Then He gave Israel about 1500 years to rise to their pinnacle. 500 years after Moses King David got things going along nicely in Israel’s golden period. But within a thousand years they rejected God and killed His son who had been sent to teach them a better way. They were wiped out shortly after that disaster and scattered to the four winds by Rome in 70 AD.

Now He has given Western Christendom, the Gentiles of scripture, about 2000 years to rise to their pinnacle and it sure looks to me like we are looking at our own crash and burn epic right now.

Whose agenda are we really following, whose instructions and commandments? It doesn’t feel to me like God’s Will figures very largely in our world’s goals and agendas. The western world has rejected God and refused His divine Son in an orgy of self worship and self love, perversion and decadence.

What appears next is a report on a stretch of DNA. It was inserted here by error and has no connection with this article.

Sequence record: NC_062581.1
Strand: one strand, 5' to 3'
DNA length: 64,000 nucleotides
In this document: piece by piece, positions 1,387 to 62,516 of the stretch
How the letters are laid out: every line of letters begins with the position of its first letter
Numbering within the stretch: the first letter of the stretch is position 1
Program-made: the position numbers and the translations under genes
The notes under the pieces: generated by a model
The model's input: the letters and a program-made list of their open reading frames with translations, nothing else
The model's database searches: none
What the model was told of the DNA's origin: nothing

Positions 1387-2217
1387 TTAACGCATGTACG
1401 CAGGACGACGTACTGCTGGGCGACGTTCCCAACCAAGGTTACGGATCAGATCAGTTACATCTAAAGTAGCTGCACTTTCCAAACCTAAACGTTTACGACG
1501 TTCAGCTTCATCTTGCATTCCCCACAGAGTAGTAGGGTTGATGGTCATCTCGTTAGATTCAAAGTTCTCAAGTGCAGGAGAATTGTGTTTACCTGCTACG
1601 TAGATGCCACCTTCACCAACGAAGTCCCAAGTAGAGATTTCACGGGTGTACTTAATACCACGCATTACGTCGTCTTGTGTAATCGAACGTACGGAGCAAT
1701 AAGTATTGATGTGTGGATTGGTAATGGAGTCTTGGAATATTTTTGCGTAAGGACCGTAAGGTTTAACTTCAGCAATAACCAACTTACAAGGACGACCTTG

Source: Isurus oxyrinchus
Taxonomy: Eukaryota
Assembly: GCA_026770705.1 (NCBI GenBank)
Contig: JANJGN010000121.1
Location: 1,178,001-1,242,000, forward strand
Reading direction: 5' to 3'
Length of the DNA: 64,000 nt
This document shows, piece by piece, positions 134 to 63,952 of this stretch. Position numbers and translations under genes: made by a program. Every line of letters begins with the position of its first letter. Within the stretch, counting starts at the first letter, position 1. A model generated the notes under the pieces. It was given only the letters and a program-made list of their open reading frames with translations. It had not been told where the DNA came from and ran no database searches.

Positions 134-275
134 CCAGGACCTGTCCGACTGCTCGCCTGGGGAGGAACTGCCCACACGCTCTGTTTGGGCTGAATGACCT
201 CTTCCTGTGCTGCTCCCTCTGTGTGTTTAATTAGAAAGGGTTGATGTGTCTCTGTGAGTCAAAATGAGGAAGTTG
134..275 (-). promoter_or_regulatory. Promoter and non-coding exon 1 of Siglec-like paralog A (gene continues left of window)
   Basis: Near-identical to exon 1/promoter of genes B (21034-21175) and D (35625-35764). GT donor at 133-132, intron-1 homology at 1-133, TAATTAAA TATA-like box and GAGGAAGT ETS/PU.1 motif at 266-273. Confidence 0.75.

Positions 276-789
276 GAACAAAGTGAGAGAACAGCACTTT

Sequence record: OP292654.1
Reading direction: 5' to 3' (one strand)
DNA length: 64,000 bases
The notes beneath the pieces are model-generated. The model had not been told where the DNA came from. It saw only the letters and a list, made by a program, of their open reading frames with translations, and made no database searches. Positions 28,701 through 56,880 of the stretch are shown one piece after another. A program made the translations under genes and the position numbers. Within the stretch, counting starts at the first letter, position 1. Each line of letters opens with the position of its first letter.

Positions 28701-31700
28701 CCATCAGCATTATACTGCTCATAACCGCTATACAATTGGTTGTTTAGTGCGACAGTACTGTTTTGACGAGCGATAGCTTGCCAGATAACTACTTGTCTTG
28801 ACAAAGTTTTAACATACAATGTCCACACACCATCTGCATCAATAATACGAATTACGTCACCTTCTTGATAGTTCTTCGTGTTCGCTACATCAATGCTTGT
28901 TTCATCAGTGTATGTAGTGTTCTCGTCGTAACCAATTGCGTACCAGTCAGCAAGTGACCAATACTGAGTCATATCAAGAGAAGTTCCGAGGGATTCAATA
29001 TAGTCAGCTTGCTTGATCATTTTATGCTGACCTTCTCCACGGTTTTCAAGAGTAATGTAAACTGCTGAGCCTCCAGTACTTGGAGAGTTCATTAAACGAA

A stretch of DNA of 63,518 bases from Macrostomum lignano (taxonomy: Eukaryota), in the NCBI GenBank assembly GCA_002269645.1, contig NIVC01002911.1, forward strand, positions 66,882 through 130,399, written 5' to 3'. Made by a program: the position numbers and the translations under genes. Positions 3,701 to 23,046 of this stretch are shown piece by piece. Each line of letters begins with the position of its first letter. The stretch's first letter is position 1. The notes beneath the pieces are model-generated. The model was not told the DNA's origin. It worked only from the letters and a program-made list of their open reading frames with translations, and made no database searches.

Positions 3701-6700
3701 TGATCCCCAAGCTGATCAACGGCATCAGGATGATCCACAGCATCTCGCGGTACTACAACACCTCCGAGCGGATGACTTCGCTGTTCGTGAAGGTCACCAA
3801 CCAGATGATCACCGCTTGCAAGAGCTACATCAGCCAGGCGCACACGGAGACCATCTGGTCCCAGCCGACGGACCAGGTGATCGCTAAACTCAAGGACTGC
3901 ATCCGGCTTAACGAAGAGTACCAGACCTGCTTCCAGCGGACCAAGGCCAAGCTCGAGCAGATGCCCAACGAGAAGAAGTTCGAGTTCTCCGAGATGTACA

Contrary to the (in)famous TELUS commercial, the future is definitely not friendly, and woe to anyone who openly disagrees with the path we are on.  Who will be the next chosen people once our corrupt society is dead and gone.

*****

14 The beginning of the pride of man, is to fall off from God: 15 Because his heart is departed from him that made him: for pride is the beginning of all sin: he that holdeth it, shall be filled with maledictions, and it shall ruin him in the end. (Ecclesiastes 10:14–15/Sirach 10:14-15)

*****

Ah yes, tomorrow, and tomorrow, and tomorrow creeps on this petty pace, to the last syllable of  time … nothing ever changes, it’s all pride, the mother of all sin.  It seems, judging by some of the comments, that I am not the only one dismayed by the semi-literacy and lack of precision in language surrounding us everywhere in the media and on our social networks. So let’s call a spade a spade, and let’s call sin what it is … SIN the action of evil in the world.